He Fucked the Girl Out of Me premiered at IDFA in 2022. The video game piece explores sex work and trauma by recreating moments for the player to go through. I talked to the creator Taylor McCue on advocacy, shame and straddling the line between the gaming and documentary worlds.
Trauma, Social Impact & Gaming
Karen Cirillo – Your piece addresses a serious issue of trauma and sex work, and for me, playing the game itself is the social impact. You can tell when people are trying to send a message as an advocacy tool. A lot of that kind of content comes across as propaganda, even if it’s good. But I never get that feeling from your piece. I feel like the simplicity of the technology allowed me to focus more on the experience, which made me think about the issue in a different way. To me that always speaks so much louder than someone who’s trying to sell me on something.
Taylor McCue: It is actually really old technology, because it’s like 1989 computer programming. It’s actually a Nintendo Gameboy. That’s why all the technical limitations were like… I was limited to four colors on screen at once. The reason I chose that format is, frankly, writing about that shit was really upsetting. I couldn’t do a more complicated computer programming thing. I was just like, ‘I need something I can do while crying really hard.’ An ancient Gameboy game was easiest to do.
T. M. – And I’m gonna be honest, I did actually use propaganda techniques in designing my game, because I was afraid of being rejected. I threw every single technique I could into making an argument on why I should be accepted as a human being [for the sex work stuff], because I knew fundamentally what I was asking for was a big ask.
T. M. – So I use cognitive priming at the beginning of the game. The first thing you see was a headless ghost masturbating. And the reason why I set that up was first to prime people to not view it as like porn, but as like, disorienting. It was the goal of first priming people to think that sex is uncomfortable and disturbing. And then the next step was setting up that sex scene so that everybody who would be offended by sex would immediately leave and walk away, so that I could remove anybody who would harass me quickly and efficiently, because I couldn’t control who would see it. And then I immediately set up the person being rejected (by the game) and told that they’re disgusting. Because I had to put them in that sense of being rejected in order to raise their empathy for me, and reduce the odds that they’d reject me later on. I used a lot of cognitive psychology techniques.
Using interactive display to discuss social acceptance
K. C. – Do you feel that you were using those techniques in a way to be an activist or was it more about using those techniques to create a safe space for your own experience?
T. M. – Basically, I had a lot of deep shame and the only way to get over shame is by telling it. But I was worried that so many people would dogpile me on the internet when I already felt so bad. So I basically threw every single cognitive technique and game design technique that I could at the viewer to be like, “Please don’t hate me.” That’s not activism or social justice. That’s just an appeal for acceptance. I think it’s also sort of brainwashing and I feel guilty about that. But it’s really hard to come out and say those things. So I really basically just designed a machine to inflict trauma on people in a weird way, so that they would understand rejection, understand shame, and then accept me. It didn’t work 100% of the time, but it worked enough that, like, most people would accept me.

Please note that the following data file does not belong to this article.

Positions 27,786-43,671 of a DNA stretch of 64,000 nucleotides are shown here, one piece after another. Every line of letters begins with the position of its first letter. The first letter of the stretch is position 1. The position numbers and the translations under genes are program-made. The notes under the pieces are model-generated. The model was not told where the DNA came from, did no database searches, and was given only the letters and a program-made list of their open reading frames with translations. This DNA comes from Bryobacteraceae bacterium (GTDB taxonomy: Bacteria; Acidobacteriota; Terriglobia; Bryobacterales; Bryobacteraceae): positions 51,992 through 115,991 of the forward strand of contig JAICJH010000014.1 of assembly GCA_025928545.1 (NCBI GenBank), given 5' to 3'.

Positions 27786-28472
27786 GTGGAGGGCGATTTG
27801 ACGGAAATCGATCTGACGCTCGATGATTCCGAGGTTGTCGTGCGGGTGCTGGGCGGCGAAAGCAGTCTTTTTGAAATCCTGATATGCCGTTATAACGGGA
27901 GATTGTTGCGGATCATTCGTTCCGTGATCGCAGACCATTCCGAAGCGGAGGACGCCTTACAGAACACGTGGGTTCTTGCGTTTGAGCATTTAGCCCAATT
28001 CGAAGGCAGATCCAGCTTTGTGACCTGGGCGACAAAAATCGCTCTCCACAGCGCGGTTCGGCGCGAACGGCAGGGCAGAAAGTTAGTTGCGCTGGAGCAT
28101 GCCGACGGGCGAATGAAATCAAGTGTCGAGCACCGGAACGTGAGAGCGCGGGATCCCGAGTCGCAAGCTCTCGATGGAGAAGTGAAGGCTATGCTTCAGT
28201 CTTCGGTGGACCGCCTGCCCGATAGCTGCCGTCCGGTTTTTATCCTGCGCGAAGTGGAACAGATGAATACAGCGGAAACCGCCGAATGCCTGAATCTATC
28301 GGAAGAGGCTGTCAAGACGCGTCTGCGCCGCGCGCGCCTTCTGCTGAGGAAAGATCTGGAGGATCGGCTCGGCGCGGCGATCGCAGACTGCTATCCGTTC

T. M. – I really wish I could say I was doing social outreach or advocacy work when I was making the game, but it was really just to get over my own drama.
K. C. – I get the sense that you probably feel more comfortable behind the computer creating something as the voice instead of the actual talking voice.
T. M. – When I actually go to events in person, which I’ve only done a few times, I basically just turn into a used car salesman. “Here, you can play this game. It runs on your cell phone. Don’t wait in line, load it on your cell phone today. This baby has so much trauma.” I answer the same five questions. And it doesn’t feel like me. But sometimes people will ask deeper questions and then I’m like, ‘Oh, shit.’ It’s hard to explain.
Between arty events and gaming fairs
K. C. – So now you’re showing it at artsy documentary and festival events, and then also gaming conferences and events. Wow, that must be really … similar or very, very different?
T. M. – Documentary people tend to be more intellectual and have more media literacy. They also tend to be more liberal. Gaming people tend to be lower media literacy, and they don’t get stuff all the time. They also tend to have two groups, which are like leftist groups. And then there’s also a group – Imagine there are boys who are like ‘video games are my personal paradise, no girls allowed’. But then they grow up into men. And the only women that they want at the events are like booth babes. And when there’s anything that’s not white and male, and it’s not sexy…It pisses them off, because they feel their personal space is being invaded and made unsafe. Or it is something for them to mock. And so documentary festivals don’t have that sense of ‘this is my private space’. Like they usually want a lot of differences.